Once you tell tinderbox to build a list of ports it happily goes off and does it's work. But how do you know what it is doing? Well let's nosey around and see what we can find. Let's open a terminal and tell it to compile devel/p5-Log-Dispatch and see what happens.
Well that doesn't tell me much of anything. In fact during the wait between line 26 and 27 it gives no clue as to what it is doing. It turns out if you look inside the right build dir you will get some more info. With BUILDNAME=9.0-amd64-clang
That lock file tells tinderbox that this build is busy working. In case of severe breakage you will need to delete this to get started again. The duds file contains a list of ports that it won't be compiling (back to that in a sec). The Makefile has a list of dependancies for the port that is being compiled and the make.0 (and make.1 if it is there) is a log file giving a general overview of what is happening, you will see the environment settings and the current port being made (at least the distname of the source package which often matches the portname). tail -f make.0 will let you watch as things progress. make.0 logs stage0 progress while make.1 logs stage1.
If wou want to see more detail then you will find the working system installed inside /usr/local/tinderbox/$BUILDNAME Of most interest will be the tmp dir where you will find pieces of log files that will be joined into the final log that you can access later. Each step of the build is in a separate piece so you get one for extract, one for patch, one for configure...
Now why would tinderbox list ports in the duds file and how do you build a port that gets listed there? Well the duds file contains ports that are marked BROKEN or IGNORE. For the reason and a way to find a solution you probably need to look inside the Makefile for that port (within the ports tree). There are several reasons for a port to be marked as broken, sometimes it is broken for a specific ARCH, sometimes it is because it is incompatible with another installed port or that two options are incompatible with each other. This would be more likely if you are configuring options for your ports rather than just the defaults. A port may also be marked as ignore if an option is turned on but the supporting port is not installed. While normally that is handled by the ports dependencies I have found at least one port that breaks with that inside tinderbox. It appears that the Makefile is parsed before the dependencies are in place. Also if you set options and create a dependancy loop the make.0 in the builds dir will quickly grow to several gigabytes in size. Killing the make process will then start stage 1 repeating the same thing. The quick growing log size is the only way I found to spot this - well you probably notice the constant disk access slowing things down if you are using the machine at the time. If you use zfs setting a quota on the filesystem for tinderbox can be very helpful.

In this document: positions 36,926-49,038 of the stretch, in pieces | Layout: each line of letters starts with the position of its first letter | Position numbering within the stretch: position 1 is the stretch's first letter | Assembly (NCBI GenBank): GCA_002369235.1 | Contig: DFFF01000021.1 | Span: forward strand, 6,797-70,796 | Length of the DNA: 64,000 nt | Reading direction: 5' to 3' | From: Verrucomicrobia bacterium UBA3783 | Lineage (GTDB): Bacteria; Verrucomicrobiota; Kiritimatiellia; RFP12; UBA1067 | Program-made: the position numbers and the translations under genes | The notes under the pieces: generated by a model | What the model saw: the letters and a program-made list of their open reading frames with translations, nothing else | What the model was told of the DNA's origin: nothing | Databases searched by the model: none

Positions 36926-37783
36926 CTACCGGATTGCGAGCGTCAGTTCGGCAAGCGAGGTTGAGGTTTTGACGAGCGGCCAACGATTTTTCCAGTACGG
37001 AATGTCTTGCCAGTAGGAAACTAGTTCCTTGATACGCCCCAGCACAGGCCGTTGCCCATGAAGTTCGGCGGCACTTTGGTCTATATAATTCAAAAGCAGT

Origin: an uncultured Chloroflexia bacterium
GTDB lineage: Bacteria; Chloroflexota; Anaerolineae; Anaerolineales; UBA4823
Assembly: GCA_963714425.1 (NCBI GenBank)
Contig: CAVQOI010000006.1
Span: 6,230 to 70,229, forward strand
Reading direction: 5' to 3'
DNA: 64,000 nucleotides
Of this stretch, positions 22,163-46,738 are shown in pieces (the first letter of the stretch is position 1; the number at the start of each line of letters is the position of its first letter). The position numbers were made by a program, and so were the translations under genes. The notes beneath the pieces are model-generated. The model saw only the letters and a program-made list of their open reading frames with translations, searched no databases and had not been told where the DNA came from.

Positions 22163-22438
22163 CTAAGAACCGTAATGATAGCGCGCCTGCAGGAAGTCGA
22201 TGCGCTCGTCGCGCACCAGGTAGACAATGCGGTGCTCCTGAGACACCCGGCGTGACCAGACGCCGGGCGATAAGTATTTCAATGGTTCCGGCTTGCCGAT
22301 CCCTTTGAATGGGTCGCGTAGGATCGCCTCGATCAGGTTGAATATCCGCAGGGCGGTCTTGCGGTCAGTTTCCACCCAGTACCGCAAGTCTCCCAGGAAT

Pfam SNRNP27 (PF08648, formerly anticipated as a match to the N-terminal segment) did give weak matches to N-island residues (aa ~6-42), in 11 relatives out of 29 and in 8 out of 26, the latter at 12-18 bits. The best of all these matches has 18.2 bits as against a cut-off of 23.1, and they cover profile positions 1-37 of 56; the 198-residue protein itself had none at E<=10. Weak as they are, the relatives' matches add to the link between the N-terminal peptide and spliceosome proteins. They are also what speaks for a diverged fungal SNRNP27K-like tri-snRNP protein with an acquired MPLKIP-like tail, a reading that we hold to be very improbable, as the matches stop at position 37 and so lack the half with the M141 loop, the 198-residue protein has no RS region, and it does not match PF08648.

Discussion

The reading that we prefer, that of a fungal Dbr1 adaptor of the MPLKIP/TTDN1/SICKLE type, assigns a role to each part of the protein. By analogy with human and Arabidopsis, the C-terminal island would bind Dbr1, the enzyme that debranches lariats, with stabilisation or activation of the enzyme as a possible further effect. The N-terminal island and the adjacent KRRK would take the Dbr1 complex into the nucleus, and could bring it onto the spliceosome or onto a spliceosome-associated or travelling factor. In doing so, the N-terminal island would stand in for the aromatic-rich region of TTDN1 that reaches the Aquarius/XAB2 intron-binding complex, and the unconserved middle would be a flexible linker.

Inside /usr/local/tinderbox/logs/$BUILDNAME you will find log files of every build that has finished. If there was any errors you will also get a link inside /usr/local/tinderbox/errors/$BUILDNAME
find /usr/local/tinderbox/errors -name "*.log" will list all error logs.
With the default config of tinderbox the webui is turned on. If you turned it off because you don't want apache installed then choose one of the smaller web servers as the webui is helpful. The webui is accessed from http://localhost/tb - if setup on your current machine. If you setup and use tinderd then you can also get access to that through the webui. That includes adding ports to the queue.
The homepage gives a nice table listing each build name with a range of counts for number of ports, failed ports etc and a link to the packages directory. If your building to create your own packages site then you can use this link. While most descriptions for the counts are pretty obvious, unknown status is a count of ports you have added to the datastore but there is no data available for it - the data is only added to the database after the first compile runs. The remake count is how many ports are currently queued to be compiled. Using the example above - when starting to compile devel/p5-Log-Dispatch there is a total of 25 dependancies that need to be installed for that port. When you start the compile on a clean build remake will start at 25 and count down as each dependant port is completed. Ports that need to be updated will also be included in this number. While remake is only a displayed number, the others are links to a list of details.
Most of the other pages are lists that vary only in the search criteria and are pretty straight forward. The latest builds page is good to keep open while building - while a port is compiling it will refresh every minute so you can watch the progress - more helpful when you have a lot of dependancies. A green filled box for reason is no errors, red means failed build and orange means a dependancy failed. The link to show the log file with markup is also helpful - it is pretty good at locating errors in the log files and gives you a list of links at the top to each error line as well as highlighting them in red.